Cleaner and Greener Hydrogen Fuel On Its Way – Breakthrough Using Microorganisms In Salt Flats
The united states have always been a pioneer when it comes to exploring newer fronts in science and technology. The government and especially the Department of Energy has never spared any expense whenever it gets the whiff that a new and upcoming project shall cause the advancement of mankind. This has been achieved yet again by the Argonne National laboratory, which is a government funded national science laboratory. It has utilized a protein present in the membrane of a particularly primordial microorganism that inhabits the desert flats of California and Nevada.
The team that has been working in this project was headed by Elena Rozkhova. What they did was to combine the protein they found on the microorganism called bacteriorhodopsin with a special kind of semi conducting device called titanium dioxide and exposed the combination to light. This combination of processes started a reaction, which was accelerated by the presence of the protein, to create hydrogen fuel. The burning of hydrogen to create energy is an electrochemical reaction that takes place in an internal combustion engine. This new method is revolutionary when compared to the present methods for creating hydrogen fuel.
The Honda-Fujishima effect has been long known to the scientists since it was recognised in the 70s. This effect uses the photosensitivity of titanium dioxide in creating hydrogen fuel. However, the light that has to be used in this case has to have its wavelength in the ultraviolet spectrum. This is what made this process unfeasible because the cost needed to produce hydrogen by splitting water molecules using titanium dioxide in the form of an electrode exceeded the money saved or recovered in using hydrogen fuel instead of fossil fuels. Apart from this any other process that is used in creating hydrogen fuel has been declared as commercially unviable.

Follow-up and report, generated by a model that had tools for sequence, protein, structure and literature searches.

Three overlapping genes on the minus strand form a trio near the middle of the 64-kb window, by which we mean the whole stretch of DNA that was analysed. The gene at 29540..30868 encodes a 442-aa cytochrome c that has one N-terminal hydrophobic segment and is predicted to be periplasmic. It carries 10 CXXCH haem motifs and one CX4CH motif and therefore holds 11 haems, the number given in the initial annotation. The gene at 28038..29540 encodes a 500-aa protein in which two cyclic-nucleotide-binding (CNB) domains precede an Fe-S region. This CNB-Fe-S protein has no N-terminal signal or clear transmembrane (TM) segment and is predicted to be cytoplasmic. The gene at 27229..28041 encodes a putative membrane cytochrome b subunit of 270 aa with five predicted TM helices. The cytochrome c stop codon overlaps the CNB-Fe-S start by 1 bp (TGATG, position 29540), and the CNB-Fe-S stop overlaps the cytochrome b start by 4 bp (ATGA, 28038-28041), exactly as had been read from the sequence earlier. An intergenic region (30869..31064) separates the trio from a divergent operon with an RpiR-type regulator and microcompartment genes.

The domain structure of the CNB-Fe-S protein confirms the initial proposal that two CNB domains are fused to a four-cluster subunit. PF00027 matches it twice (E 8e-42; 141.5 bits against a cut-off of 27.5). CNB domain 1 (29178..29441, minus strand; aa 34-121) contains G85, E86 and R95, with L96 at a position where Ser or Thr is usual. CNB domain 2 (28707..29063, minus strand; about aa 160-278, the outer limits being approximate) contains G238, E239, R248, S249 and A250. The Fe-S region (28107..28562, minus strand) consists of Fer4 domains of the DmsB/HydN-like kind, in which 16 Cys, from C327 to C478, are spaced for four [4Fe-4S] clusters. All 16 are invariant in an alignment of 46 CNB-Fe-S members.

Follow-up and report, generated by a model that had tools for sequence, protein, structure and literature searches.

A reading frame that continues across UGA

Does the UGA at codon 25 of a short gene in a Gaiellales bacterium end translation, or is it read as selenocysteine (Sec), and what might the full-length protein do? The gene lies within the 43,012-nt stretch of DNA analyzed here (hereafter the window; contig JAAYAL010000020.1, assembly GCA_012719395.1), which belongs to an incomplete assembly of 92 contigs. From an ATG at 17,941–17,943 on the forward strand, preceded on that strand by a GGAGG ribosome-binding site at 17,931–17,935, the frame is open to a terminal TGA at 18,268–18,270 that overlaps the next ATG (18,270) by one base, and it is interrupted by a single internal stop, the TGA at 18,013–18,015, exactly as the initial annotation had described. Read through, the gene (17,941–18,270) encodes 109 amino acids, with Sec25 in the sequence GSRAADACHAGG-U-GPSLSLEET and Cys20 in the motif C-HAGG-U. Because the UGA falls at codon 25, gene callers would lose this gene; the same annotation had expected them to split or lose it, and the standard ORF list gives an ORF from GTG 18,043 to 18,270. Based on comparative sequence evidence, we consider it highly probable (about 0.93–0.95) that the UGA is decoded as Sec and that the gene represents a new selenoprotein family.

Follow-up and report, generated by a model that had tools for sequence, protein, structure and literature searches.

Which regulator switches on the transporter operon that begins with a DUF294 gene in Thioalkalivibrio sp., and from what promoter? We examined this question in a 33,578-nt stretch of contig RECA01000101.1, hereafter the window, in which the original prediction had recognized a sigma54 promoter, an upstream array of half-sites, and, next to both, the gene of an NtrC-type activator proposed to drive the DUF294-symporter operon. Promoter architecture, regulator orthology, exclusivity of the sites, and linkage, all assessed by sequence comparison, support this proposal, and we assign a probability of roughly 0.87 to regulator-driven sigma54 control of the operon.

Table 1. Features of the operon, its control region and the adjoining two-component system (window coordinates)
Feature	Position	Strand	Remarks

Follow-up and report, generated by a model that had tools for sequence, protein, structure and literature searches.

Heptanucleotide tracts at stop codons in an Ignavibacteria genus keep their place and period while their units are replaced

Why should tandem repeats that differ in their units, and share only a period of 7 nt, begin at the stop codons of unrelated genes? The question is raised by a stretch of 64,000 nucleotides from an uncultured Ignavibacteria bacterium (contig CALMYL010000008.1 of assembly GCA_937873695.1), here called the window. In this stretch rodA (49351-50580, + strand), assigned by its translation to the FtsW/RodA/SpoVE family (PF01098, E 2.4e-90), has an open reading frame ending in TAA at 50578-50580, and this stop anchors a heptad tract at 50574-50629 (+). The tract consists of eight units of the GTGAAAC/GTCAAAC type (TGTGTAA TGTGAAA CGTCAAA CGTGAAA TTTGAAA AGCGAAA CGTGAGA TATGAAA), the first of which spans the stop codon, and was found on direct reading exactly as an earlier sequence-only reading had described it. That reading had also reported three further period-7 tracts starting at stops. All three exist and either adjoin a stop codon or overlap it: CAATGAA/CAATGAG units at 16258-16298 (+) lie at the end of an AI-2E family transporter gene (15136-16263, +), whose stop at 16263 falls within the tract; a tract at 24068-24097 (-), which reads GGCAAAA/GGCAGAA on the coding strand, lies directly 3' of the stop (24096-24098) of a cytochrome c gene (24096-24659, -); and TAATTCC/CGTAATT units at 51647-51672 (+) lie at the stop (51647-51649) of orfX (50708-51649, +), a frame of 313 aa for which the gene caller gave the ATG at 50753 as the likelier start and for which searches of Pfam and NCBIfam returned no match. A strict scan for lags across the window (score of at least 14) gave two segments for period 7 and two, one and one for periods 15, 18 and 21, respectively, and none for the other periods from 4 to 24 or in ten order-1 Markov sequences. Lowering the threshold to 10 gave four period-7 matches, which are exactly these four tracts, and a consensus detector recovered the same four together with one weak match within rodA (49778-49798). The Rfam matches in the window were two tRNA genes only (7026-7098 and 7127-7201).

The New Wave
Scientists have however not stopped tinkering with hydrogen fuel, trying various other compounds by which to improve the performance of the titanium dioxide diodes, and recently at the government laboratory, Elena and her colleagues have combined the titanium dioxide electrodes with the protein harvested from the microorganisms. By this new development, the electrodes can produce fission in water molecules when exposed to electromagnetic waves belonging to the visible spectrum. This has brought down costs drastically because visible spectrum electromagnetic waves are easier to produce that ultraviolet light thereby making the reaction a lot more efficient than before.
As hydrogen, in nature, does not occur in appreciable quantities, it has to be manufactured to be used as fuel. The photochemical reaction involving titanium dioxide is preferred as the other processes of electrolysis and that of extracting hydrogen from steam is environmentally unfriendly. The first uses electricity which has to be produced by fossil fuels or by greener means which would make it extremely time consuming as well as expensive as these means are not very well advanced as well. The second produces carbon dioxide and carbon monoxide both of which are extremely potent greenhouse gases.
The bacteriorhodopsin that is harvested from the organisms is this special kind of proteins known as “proton pumps”. What these proton pumps do is actually carry protons from the internal body of the organism to the external surface of the animal. In the laboratory, these protons combine with free electrons present in the matrix of the titanium dioxide electrode to form hydrogen molecules. The free electrons within the matrix of the electrodes are provided by nano-scale particles of platinum. The ingenuity of the scientists is the recognition of these organisms as, these proteins on their own cannot produce hydrogen but when supplemented with the electrodes, hydrogen is produced more efficiently.